I think most people who are statistically inclined instantly dismiss the concept of pitching to the scoreboard, but it's the type of idea that would be quite tedious and time consuming to disprove. Luckily, a couple of people informed Joe Posnanski that the topic was being thrown around on the Yankees broadcast and he took a crack at breaking it down:
To pitch to the score, you would need to have your team score the runs FIRST before you gave them up, right? I mean, if you give up seven runs, and your team scores three in the ninth to win, you didn’t pitch to the score did you? No, your team saved your butt. In order to pitch to the score, your team would have to score eight runs and then you would be thinking, “Well, la la la, I can give up some runs now.” Does this make any sense to anyone?
Joe takes a quick look at Morris' record in games in which his team scored one or two runs, and (surprise!) finds that he was 5-49 with one run of support and 12-37 with two runs. He contrasts this with Burt Blyleven, who has the reputation of not being nearly as adept at pitching to score despite a lower career ERA, and finds that Blyleven had far better records in both situations.
The reason I find this interesting has nothing to do with Jack Morris; I was 8 years old when he threw his last pitch. It's that one of the things that makes baseball endlessly interesting but seemingly no one wants to admit is that, despite your best efforts, you can't really control when you succeed and fail. The difference between a flyball and home run is often a few millimeters on the bat or a fraction of a second. Guys hit home runs on pitches out of the strikezone. It's not a perfect science.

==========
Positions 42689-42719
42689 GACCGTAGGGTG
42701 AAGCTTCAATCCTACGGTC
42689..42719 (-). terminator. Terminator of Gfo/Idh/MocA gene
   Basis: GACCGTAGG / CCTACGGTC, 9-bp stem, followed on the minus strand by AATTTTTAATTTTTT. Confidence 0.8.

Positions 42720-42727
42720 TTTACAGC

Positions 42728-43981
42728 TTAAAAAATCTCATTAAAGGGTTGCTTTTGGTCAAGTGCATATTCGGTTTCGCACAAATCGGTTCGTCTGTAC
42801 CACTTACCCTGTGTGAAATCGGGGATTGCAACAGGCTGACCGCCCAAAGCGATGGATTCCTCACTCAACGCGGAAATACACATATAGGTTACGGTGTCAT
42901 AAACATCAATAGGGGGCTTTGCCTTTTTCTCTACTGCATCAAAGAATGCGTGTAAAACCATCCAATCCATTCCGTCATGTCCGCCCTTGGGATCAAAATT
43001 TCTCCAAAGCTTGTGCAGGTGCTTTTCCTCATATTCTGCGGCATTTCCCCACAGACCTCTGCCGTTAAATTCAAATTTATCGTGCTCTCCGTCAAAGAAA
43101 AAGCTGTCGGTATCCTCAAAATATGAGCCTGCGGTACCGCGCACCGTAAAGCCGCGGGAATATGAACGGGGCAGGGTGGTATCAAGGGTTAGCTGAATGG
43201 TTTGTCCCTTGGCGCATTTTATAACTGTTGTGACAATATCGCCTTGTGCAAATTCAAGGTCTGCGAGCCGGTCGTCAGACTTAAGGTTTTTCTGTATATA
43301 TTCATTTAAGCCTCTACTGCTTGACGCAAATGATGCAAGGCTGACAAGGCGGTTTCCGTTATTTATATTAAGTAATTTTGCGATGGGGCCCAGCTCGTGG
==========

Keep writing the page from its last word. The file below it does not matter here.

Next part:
If you look at WPA, which measures the leverage at the time of each at bat, you'll see that the leaders fluctuate every year. If there is such a thing as "being clutch", it certainly isn't an indelible part of someone's character or else the same people would be atop that list each season.
Like he so often does, Posnanski really nails this point:
There’s something about the long season of baseball that encourages players to believe in jinxes and superstitions and breaks evening out, something about the days turning to weeks turning to months that inspires this closely held belief that players don’t succeed because of talent or luck or even hard practice but because of character, because of a certain courage or gallantry or substance of the soul.
Part of this the collective ego-stroking you're likely to see in any elite fraternity. The fact that these guys have all risen to the top, passing hundreds of people at every level from tee ball on up makes them extremely special. It's easy to see why they feel this way. But the in the effort to find story lines, the media propogates these ideas and inner fortitude of the players is far overrepresented as a factor in success.
Sports are often described in terms of drama. A dramatic play, a thrilling climax, a heroic performance, a storybook season. However, watching sports is infinitely better than a fictional play or movie because they unscripted and unfettered. There's no need to infuse them with contrived plot twists and ascribe the players with heroic character traits. But don't try to tell that to Michael Kay and Al Leiter.